An audit is an objective analysis and examination of some aspect of a company’s operations to confirm the extent to which the organization is in compliance with expected standards. Audits can have different purposes. A financial audit looks at a company’s financial records to make sure they’re correct. A compliance audit is designed to ensure the company is complying with applicable regulations or laws. In most cases, an audit consists of several steps or phases that are designed to ensure the most accurate, objective and reliable results. The process for a specific audit will depend on what type of audit is being performed, as well as what set of standards govern the auditor’s work.
Audits begin with the issuance of some kind of notification to the company or organization being audited. The notification letter generally will specify the purpose of the audit, when it will be conducted and the date and time of an initial meeting the auditors would like to schedule with the company’s leaders.
The notification will also list what documents the auditor wants to examine. For a corporation, this can include articles of incorporation, the recorded minutes of any board meetings, an organizational chart, correspondence, sales records and more.
After the notification is sent, the auditor will take some time to plan the audit. This is done before meeting with the organizational leadership in order to craft the appropriate strategy for that meeting and the fieldwork that follows. Auditors also need to identify the key areas of inquiry and concern and the specific information they wish to examine in order to analyze those areas. This also gives the company time to gather the requested documents.
The planning stage usually leads to an initial meeting between the senior management of the company and the auditors. Administrative staff may also be present. The purpose of the meeting is to give the auditors an opportunity to explain the process, as well as to give the organization a chance to express any practical, strategic or scheduling concerns they may have.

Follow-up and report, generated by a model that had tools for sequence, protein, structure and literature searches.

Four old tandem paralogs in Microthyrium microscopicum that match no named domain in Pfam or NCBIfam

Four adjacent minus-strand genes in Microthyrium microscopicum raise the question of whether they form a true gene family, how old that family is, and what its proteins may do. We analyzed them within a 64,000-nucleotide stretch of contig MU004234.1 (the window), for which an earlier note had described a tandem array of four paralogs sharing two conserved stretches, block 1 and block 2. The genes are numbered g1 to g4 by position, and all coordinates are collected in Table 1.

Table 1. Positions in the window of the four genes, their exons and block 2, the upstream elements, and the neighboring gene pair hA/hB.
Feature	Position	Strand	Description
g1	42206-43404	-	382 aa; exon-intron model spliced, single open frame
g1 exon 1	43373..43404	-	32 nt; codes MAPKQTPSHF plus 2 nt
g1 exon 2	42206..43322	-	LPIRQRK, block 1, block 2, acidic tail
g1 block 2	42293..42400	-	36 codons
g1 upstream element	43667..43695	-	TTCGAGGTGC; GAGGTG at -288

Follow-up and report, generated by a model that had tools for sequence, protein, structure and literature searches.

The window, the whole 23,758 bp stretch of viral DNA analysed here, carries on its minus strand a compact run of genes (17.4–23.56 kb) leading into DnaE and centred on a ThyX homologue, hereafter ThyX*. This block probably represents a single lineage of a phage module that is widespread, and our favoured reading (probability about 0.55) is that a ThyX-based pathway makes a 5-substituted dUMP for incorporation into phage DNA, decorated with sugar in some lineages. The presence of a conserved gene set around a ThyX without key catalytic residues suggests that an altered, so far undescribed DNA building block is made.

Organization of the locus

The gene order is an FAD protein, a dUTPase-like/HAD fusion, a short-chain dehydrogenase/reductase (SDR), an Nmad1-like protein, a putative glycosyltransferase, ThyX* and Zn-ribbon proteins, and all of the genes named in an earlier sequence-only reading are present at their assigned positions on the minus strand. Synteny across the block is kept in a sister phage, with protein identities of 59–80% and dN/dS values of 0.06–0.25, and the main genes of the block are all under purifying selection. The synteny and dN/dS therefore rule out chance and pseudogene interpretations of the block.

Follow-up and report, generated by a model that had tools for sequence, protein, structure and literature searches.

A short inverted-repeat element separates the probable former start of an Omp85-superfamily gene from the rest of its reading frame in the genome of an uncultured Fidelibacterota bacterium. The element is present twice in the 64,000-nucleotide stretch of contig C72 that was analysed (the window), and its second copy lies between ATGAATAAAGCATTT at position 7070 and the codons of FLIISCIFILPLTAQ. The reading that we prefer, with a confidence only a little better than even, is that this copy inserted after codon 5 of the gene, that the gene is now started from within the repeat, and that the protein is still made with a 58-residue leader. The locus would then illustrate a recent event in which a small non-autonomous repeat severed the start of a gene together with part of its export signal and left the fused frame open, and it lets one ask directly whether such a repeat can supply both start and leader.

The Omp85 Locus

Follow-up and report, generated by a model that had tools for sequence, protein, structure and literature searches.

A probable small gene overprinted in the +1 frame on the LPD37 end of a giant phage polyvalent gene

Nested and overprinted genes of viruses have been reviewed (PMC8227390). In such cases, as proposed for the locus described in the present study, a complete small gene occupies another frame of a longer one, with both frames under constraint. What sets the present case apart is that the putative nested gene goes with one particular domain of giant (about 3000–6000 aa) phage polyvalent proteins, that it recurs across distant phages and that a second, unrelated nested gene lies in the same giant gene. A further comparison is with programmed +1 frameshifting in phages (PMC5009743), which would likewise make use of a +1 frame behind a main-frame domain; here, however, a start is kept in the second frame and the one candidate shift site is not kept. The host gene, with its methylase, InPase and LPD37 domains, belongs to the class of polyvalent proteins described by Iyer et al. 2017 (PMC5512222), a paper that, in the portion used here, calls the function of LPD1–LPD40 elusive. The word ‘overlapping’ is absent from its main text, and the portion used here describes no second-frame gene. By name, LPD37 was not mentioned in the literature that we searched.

Fieldwork is the first active auditing stage. A more detailed schedule is usually drawn up so that the auditor’s presence isn’t too disruptive to business. Interviews with key employees may take place to investigate business procedures and practices. Auditors may also perform sample document checks, to make sure the company’s document creation and retention practices are sound.
The fieldwork may be conducted by a few auditors or a larger team, depending on the size and scope of the audit.
While the fieldwork is carried out by the auditing team on-site at the company’s premises, the team should be in regular contact with the corporate auditor in order to clarify procedures and ensure proper access to needed documents.
When the auditing team completes the fieldwork and document review, the auditors prepare a draft audit report. This document details the purpose of the audit, the procedures the auditors used, the documents reviewed and the audit’s findings. It will also likely include a preliminary list of unresolved issues. The draft report is circulated among the team for review and suggested revisions.
After the auditing team makes the last revisions to the audit report, the final document is given to management for its review and response. The audit document usually asks management to respond to each of the audit’s findings and conclusions by stating whether it agrees or disagrees with the problems cited, the plan to correct any observed problems or deficiencies and the expected date by which all issues will have been addressed.
Following the management response, which may be formally attached to the final audit report, a formal exit meeting may be scheduled with the company being audited to close any existing loose ends or answer questions, discuss the management response and address the scope of the audit.
Distribution of Audit Report
The finalized audit report is distributed to all necessary stakeholders, including inside and outside the area audited, if applicable.
Finally, the audited company implements the changes recommended in the audit report, then the auditors review and test how well those changes solve the identified problems or issues. The feedback between the company and the auditors continues until all issues are resolved and the next audit cycle begins.
Annie Sisk is a freelance writer who lives in upstate New York. She holds a B.A. in Speech from Catawba College and a J.D. from USC. She has written extensively for publications and websites in the business, management and legal fields.